angiotensin

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angiotensin

 (ACE) [an″je-o-ten´sin]
a vasoconstrictive substance formed in the blood when renin is released from the juxtaglomerular apparatus in the kidney. The enzymatic action of renin acts on angiotensinogen to form the decapeptide angiotensin I, which is relatively inactive. It in turn is acted upon by peptidases (converting enzymes), chiefly in the lungs, to form the octapeptide angiotensin II, a powerful vasopressor and a stimulator of aldosterone secretion by the adrenal cortex. By its vasopressor action, it raises blood pressure and diminishes fluid loss in the kidney by restricting blood flow. Angiotensin II is hydrolyzed in various tissues to form heptapeptide angiotensin III, which has less vasopressor activity but more effect on the adrenal cortex.
angiotensin-converting enzyme (ACE) an enzyme of the hydrolase class that catalyzes cleavage of a dipeptide from the C-terminal end of angiotensin I to form activated angiotensin II; called also peptidyl-dipeptidase A.
angiotensin-converting enzyme inhibitors competitive inhibitors of angiotensin-converting enzyme, which converts angiotensin I to angiotensin II and inactivates bradykinin. ACE inhibitors, such as captopril, are antagonists of the renin-angiotensin-aldosterone system and potentiators of the kinin system and are used for treatment of hypertension, usually in conjunction with a diuretic. They are also used as vasodilators in the treatment of congestive heart failure.

an·gi·o·ten·sin

(an'jē-ō-ten'sin),
A family of peptides of known and similar sequence, with vasoconstrictive activity, produced by enzymatic action of renin on angiotensinogen. See: angiotensin I, angiotensin II, angiotensin III.

angiotensin

(ăn′jē-ō-tĕn′sĭn)
n.
Any of several polypeptide hormones, designated by Roman numerals, that are involved in the regulation of blood pressure, especially one of them, angiotensin II, which is a strong vasopressor.

angiotensin

(1) Angiotensin I.
(2) Angiotensin II.

angiotensin

Any of a family of vasoconstricting peptides

an·gi·o·ten·sin

(an'jē-ō-ten'sin)
A family of peptides with vasoconstrictive activity, produced by action of renin on angiotensinogen.

angiotensin

The vasoconstrictor polypeptide hormone, angiotensin II, which is released by the action of the enzyme renin. Its precursor, angiotensin I, is inactive until acted on by the angiotensin-converting enzyme, mainly in the lungs. Angiotensin II has a powerful effect on raising the blood pressure. It binds to angiotensin receptors and constricts the circular smooth muscle of blood vessel walls. It prompts cells of the adrenal cortex to secrete the hormone ALDOSTERONE. It modulates blood flow through the kidneys and acts directly on the heart muscle. By promoting raised blood pressure it encourages the development of the arterial disease ATHEROSCLEROSIS.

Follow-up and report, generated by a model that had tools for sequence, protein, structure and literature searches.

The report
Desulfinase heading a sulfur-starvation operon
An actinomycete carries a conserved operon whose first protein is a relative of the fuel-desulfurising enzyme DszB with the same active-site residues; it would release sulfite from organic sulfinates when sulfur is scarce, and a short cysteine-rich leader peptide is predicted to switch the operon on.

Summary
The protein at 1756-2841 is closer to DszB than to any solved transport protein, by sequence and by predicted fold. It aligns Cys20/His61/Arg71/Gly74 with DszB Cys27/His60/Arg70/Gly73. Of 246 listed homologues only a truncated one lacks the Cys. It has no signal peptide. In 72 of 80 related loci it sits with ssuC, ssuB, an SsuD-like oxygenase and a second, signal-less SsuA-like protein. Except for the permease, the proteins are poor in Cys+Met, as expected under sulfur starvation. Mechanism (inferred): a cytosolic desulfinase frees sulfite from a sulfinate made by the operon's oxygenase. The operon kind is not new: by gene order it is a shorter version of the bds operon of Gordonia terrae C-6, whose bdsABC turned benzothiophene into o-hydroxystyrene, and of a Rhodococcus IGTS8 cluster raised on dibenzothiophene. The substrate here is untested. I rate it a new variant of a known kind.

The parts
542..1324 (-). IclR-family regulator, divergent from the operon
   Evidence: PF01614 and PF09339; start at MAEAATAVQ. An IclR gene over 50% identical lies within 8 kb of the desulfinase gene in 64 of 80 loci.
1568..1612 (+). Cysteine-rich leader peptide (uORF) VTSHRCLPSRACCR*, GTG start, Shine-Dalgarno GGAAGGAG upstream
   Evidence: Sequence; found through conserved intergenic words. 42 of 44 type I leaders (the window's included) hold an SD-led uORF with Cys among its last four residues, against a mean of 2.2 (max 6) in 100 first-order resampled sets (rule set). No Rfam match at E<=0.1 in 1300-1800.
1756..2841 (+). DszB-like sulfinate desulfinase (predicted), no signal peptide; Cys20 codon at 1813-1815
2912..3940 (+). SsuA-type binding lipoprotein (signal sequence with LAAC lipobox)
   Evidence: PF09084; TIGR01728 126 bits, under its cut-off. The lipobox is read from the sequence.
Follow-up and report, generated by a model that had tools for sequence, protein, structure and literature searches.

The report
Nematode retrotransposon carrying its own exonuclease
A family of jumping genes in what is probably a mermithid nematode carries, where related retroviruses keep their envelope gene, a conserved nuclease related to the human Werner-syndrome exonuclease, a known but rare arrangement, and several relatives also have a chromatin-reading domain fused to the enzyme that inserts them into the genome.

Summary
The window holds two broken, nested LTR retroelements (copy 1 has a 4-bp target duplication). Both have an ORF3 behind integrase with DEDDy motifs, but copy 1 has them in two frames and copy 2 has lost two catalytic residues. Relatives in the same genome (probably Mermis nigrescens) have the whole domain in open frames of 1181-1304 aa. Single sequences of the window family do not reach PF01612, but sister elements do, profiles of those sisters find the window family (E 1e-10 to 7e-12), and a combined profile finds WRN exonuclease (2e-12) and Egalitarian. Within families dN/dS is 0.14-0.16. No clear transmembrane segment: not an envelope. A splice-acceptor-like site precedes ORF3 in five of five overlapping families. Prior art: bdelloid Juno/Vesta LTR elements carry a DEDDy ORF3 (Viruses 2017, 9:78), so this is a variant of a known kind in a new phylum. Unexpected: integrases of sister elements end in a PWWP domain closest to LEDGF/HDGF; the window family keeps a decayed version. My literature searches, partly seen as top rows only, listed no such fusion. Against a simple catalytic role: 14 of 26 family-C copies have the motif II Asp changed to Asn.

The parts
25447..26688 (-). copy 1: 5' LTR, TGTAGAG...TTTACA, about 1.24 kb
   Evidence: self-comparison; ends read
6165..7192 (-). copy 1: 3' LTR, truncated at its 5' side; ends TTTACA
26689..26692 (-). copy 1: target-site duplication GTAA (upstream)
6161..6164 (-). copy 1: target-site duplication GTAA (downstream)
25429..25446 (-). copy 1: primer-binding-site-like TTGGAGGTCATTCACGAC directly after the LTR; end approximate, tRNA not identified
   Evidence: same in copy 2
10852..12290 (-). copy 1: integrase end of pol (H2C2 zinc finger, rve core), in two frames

angiotensin

a substance, produced by the action of RENIN on a GLOBULIN protein molecule, that is found in blood plasma and which then stimulates the cortex of the ADRENAL GLAND to release ALDOSTERONE, causing a general constriction of smooth muscle.
References in periodicals archive ?
Angiotensin metabolite profiling with mass spectrometry.
Differences in angiotensin concentrations between therapy groups and different renin regulations were investigated as the primary objective.
Intracerbroventricular administration of angiotensin II increases heart rate in conscious trout.
Lack of specific inhibition of angiotensin II in eels by angiotensin antagonists.
Meta-analysis: Effect of monotherapy and combination therapy with inhibitors of the renin angiotensin system on proteinuria in renal disease.
Partial escape of angiotensin converting enzyme (ACE) inhibition during prolonged ACE inhibitor treatment: Does it exist and does it affect the antihypertensive response?
Active renin content was measured by determining the amount of angiotensin I (Ang I) generated in the tissue homogenates measured by high-performance liquid chromatography (HPLC), as previously described [25].
Singh, "Role of angiotensin II in diabetic nephropathy," Kidney International Supplements, vol.
Benito-Martin et al., "Angiotensin II contributes to renal fibrosis independently of notch pathway activation," PLoS ONE, vol.
The end product of this pathway, angiotensin II, is one of the most potent vasoconstrictors, and its effects are mediated primarily by the G protein-coupled angiotensin type 1 receptor (A[T.sub.1]R; Daugherty and Cassis 2004).
In addition to the well-known key functions of angiotensin II [angiotensin-(1-8) octapeptide] in the renin-angiotensin system, physiological activity has also been reported for the angiotensin-(1-7) [Ang-(1-7)] heptapeptide (1).
We are given a limited sampling of the interesting and current investigations occurring in the field of angiotensin research, and likewise only a few of the many possible molecular biologic, physiologic, and other investigational techniques are considered.